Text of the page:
The Current Conflict Between Israel and Hamas and Moving Forward


First, a brief excerpt of a message from the field:

…I was in Israel during the events that led up to the current war and experienced the first rockets shot from Gaza towards the Tel Aviv area. I celebrated at a wedding at which attendees found themselves taking cover together, as well as later seeking shelter while driving and then during a meeting at a café. I had the opportunity to be briefed by political leaders and analysts as the military operation was launched.  This emphasized for me the basic truth that Ameinu focuses on the unfolding story based on our deep roots in Israel and our families, friends and colleagues who are there now.  This is not a political exercise for us, but one of our people under siege…

-Kenneth Bob, Ameinu National President

All of us at Ameinu – leadership, staff, members and activists – are united as we stand with Israel and the Israeli Defense Forces as it acts to defend the people of Israel from the thousands of rockets and mortars delivered by Hamas and the terror tunnels designed to facilitate their killing of Israelis.  We mourn the loss of over 50 brave IDF soldiers and are deeply relieved that the Iron Dome Missile Defense System has greatly limited civilian casualties on the Israeli side of the border.

While we are in full solidarity with our people and families in Israel, we look at this conflict as one with many nuances and grey areas that demand our attention and insist that we honestly struggle with these challenges.  We see this type of soul searching and questioning, not as a betrayal as suggested by some on the right, but as being true to our essential identity as Jews, as Zionists and as human beings.

  • There has been a troubling trend by many supporters of Israel to downplay the suffering and the deaths of hundreds of Palestinian civilians in Gaza.  We must preserve our human response to the humanitarian disaster underway in Gaza and mourn loss of innocent life, regardless of their religion or ethnic heritage.  All sides must focus on avoiding civilian casualties, something completely lacking in Hamas’ intentional targeting of Israeli civilians and their cynical deployment within neighborhoods and civilian facilities.  Supporters of Israel should not shy away from engaging with these types of moral dilemmas and from questioning whether the force being used is absolutely necessary to achieve military and/or diplomatic goals.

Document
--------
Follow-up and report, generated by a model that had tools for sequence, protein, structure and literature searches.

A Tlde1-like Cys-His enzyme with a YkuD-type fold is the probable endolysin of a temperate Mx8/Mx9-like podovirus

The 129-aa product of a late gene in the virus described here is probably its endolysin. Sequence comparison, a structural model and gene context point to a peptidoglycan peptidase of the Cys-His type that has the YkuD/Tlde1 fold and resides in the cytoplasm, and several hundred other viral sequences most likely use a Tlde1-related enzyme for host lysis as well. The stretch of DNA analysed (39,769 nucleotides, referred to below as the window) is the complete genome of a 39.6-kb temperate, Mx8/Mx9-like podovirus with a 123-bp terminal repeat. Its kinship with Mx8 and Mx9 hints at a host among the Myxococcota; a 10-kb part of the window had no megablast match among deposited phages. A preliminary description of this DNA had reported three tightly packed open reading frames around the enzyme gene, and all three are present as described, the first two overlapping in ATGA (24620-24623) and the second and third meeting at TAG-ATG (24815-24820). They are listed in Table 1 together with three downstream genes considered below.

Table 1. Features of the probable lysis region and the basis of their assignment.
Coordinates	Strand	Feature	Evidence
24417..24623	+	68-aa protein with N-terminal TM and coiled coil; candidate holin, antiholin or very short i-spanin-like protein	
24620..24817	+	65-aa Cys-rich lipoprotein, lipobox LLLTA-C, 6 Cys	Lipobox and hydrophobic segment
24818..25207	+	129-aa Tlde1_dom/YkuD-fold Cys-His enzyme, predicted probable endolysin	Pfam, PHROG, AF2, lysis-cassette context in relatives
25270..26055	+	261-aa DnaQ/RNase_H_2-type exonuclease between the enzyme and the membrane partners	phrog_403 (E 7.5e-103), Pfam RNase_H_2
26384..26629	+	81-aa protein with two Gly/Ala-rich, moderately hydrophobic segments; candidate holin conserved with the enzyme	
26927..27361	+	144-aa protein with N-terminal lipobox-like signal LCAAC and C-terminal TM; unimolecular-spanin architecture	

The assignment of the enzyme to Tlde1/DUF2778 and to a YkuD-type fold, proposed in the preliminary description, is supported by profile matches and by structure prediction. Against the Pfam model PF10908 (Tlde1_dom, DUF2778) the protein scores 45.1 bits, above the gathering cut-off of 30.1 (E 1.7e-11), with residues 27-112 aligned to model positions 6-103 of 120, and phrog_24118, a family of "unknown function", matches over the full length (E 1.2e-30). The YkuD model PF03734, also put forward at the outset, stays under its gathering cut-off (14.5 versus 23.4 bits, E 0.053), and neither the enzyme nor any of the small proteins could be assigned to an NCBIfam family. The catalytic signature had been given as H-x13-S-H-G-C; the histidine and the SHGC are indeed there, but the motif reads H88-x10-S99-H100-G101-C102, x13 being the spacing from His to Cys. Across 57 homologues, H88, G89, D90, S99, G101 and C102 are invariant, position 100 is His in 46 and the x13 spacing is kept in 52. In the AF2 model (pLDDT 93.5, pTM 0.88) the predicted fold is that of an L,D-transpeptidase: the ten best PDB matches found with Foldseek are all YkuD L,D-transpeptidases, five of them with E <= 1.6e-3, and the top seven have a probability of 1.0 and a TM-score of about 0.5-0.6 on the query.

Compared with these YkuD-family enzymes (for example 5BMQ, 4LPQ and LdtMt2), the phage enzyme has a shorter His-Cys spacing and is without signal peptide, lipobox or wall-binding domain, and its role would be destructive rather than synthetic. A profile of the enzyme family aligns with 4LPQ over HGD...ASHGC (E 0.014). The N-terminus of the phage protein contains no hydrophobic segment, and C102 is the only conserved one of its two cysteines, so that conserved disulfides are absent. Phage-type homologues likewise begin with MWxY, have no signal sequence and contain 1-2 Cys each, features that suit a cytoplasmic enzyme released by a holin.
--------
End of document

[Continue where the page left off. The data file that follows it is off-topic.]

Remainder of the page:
• Israel’s defenses appear to be unequally provided to different communities across the country.  We are particularly concerned about lack of shelters and other forms of protection for Bedouin communities in the Negev.  Our commitment to promoting equality and a vision of a shared society for Arabs and Jews in Israel leads us to demand that, particularly during wartime, fairness and equal justice be front and center for all citizens of the state.
  • While existing before the latest conflict in Gaza, the rising anti-Arab incitement and violence in Israel is deeply troubling.  The refrain of “Death to Arabs” during political rallies and incitement by Jewish political and religious “leaders,” the revenge killing of Palestinian teen Mohammad abu Khedir, the expansion of “Price Tag” attacks on Palestinians and their property and the general polarizing and coarsening of discourse in and about Israel and its Arab citizens, which remains a very dangerous trend for Israeli democracy.